It still surprises me the level of what people think and what they say. I can remember being at a dinner where a leader said, “Yes, we’re promoting her because she’s a black woman and there’s no other reason.” I’m thinking, “She’s very bright and very good.” There was no other reason in his mind. You could see that was it. It was at a table full of people and I’m thinking, “Did that just come out of your mouth?”

It’s unreal. I can only imagine how she probably felt.

Fortunately, she didn’t hear it. How can she not feel it? She has a few people down at the table on the same side so she probably didn’t hear it. I thought that just seemed so hard for me to imagine somebody in this day and age would say something like that. Does it surprise you that we have the Harvey Weinsteins or the even the Bill Cosbys or the people that are doing these crazy things? In both white and black, every color are doing these crazy things. I’m sure everybody asks you about those two. I’d like to hear your opinion on what you thought of that.

I don’t think I was surprised by the simple fact of sexual harassment. The breadth of how big it was and it kept unraveling every day. Then I thought, “This is crazy.” When I started to have a conversation with a close friend of mine and he said, “I’m wondering. I’m thinking about this every day because I’ve done some stupid things in my time when I was younger. I remember taking a girl out and we’re having a great time. I knew we were dating for a while. We’d go back to my house and I had to come out of the bathroom with no clothes on.” I said, “Explain to me why you would think that was okay?”

He and I were able to laugh about it because I thought, “I would have told you this.” It’s trying to understand the male mind. What indication did she give you that you thought about coming out of the bathroom with no clothes on? My thinking was that it goes back to privilege and entitlement and all those things. You are literally saying to women, whether you’re saying it outright or not, “You do this in order for you to get this,” and that’s not right on any level.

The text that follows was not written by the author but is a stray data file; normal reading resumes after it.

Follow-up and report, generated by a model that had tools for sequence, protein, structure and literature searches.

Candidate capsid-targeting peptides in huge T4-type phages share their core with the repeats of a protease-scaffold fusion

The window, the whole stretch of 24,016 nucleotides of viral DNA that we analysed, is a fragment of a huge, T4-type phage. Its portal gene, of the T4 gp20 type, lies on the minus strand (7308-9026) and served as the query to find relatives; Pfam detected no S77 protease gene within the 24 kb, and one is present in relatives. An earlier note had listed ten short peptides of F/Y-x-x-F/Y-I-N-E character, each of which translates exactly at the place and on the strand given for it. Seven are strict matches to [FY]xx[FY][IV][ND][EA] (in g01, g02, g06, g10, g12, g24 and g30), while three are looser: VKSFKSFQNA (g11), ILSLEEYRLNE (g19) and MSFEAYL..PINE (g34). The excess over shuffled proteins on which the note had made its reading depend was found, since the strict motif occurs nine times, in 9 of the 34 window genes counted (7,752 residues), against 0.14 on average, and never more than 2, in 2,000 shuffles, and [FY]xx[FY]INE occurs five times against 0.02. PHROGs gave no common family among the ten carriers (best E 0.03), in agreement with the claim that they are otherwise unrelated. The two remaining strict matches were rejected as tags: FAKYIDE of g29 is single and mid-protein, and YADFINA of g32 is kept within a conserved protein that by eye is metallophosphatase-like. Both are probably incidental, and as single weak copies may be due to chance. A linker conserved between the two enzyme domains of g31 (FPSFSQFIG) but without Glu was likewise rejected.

Then we get all these picture-taking, people sending dirty pictures and different things. Isn’t that making it seem more okay just because everybody’s sharing so much? Is this just a male thing or is it female?

TTL 246 | Cultural Diversity
Cultural Diversity: Social media is great in the right context.


Women play into it as well. We need to dial back so many things. Social media is great in the right context, but even if you go take it further than adults, for some reason, kids are thinking that this is okay. Even in middle school, kids are sending pictures of their genitals and things like that. Somewhere along the line, we are messing up. We’re not teaching kids that this is inappropriate. Probably maybe because they see adults doing it, to some degree. I know I have a seventeen-year-old niece and a ten-year-old nephew and I have those kinds of conversations all the time with them.